Ceramic disk faucets are designed for durability and extended run usage. They have a vast cylindrical body operated by a single lever over a vast cylindrical body. Inside are a pair of ceramic disks that control the flow of water. These faucets are durable because of the ceramic disks; these are the most minor worn-out parts. If the seals or disks get damaged, they will cause a leak. Most times, these are more expensive, but over time, they require a minimal amount of maintenance.

How to Fix a Leaky Faucet

Scroll down to get your hands on the detailed instructions on how to fix a leaky faucet, along with different repair techniques for different types of faucet installations.

Tools and Materials Needed

Before you start, gather the following tools and materials:

  • Adjustable wrench
  • Screwdrivers (flathead and Phillips)
  • Needle-nose pliers
  • Utility knife
  • Replacement parts (O-rings, cartridges, washers)
  • Plumber’s grease
  • Distilled white vinegar
  • Soft scouring pad
  • Duct tape

These tools and materials will make repairs easier and faster. Most faucets take different parts, and it is, hence, appropriate to establish the kind of faucet before purchasing the replacement parts.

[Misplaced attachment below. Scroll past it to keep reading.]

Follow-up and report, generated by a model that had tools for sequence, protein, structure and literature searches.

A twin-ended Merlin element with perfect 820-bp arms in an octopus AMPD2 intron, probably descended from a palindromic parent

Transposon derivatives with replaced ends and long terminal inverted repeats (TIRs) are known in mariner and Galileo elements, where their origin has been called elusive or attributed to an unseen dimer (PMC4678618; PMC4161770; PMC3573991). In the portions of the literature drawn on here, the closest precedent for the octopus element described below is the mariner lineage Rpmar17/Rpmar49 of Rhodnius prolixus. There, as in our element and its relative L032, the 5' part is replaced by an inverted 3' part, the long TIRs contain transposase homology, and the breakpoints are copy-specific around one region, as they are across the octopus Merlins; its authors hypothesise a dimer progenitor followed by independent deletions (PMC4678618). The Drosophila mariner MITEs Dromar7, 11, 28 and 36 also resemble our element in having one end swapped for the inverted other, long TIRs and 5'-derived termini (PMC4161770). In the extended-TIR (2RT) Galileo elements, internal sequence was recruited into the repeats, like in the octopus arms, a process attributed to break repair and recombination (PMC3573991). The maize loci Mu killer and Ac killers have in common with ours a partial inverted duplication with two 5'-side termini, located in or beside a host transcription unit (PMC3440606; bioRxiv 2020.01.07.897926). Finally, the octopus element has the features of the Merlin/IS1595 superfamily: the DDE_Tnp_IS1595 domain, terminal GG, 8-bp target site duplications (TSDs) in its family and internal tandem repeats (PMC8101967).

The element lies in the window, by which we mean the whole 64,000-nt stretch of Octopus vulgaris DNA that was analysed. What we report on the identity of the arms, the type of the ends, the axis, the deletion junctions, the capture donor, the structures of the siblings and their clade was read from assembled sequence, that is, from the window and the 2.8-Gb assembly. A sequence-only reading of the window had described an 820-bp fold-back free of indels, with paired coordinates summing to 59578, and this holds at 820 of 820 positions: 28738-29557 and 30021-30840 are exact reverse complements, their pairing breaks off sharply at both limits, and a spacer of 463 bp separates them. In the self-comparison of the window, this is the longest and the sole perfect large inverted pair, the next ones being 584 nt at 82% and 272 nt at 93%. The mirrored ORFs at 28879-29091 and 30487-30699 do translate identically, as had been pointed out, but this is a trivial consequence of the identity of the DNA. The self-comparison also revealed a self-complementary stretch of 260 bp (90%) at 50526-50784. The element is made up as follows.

General Preparation Steps

Regardless of the type of faucet, some preparation steps are universal:

Shut off the Water Supply

Locate the water shut-off valves under the sink, and close them. If there is no individual shut-off valve, one might need to close the house’s main water supply. This is done to ensure that no water is spilled while disconnecting the faucet.

Block the Drain

Use a rag or sink stopper to block the sink drain. This is done for small parts not to slip into the drain and get lost. This also allows easier clean-up upon completion of the repair.

Lay Out Parts in Order

As you remove parts of the faucet, lay them out in the order they came out. This technique will prevent you from forgetting how to put the faucet together and eliminate the chance of missing a part.

Protect the Finish on the Faucet

Wrap the jaws of your wrench with duct tape to keep from scratching the finish on the faucet. This is particularly important for you if you have a shiny or coated faucet that can quickly reveal scratch marks.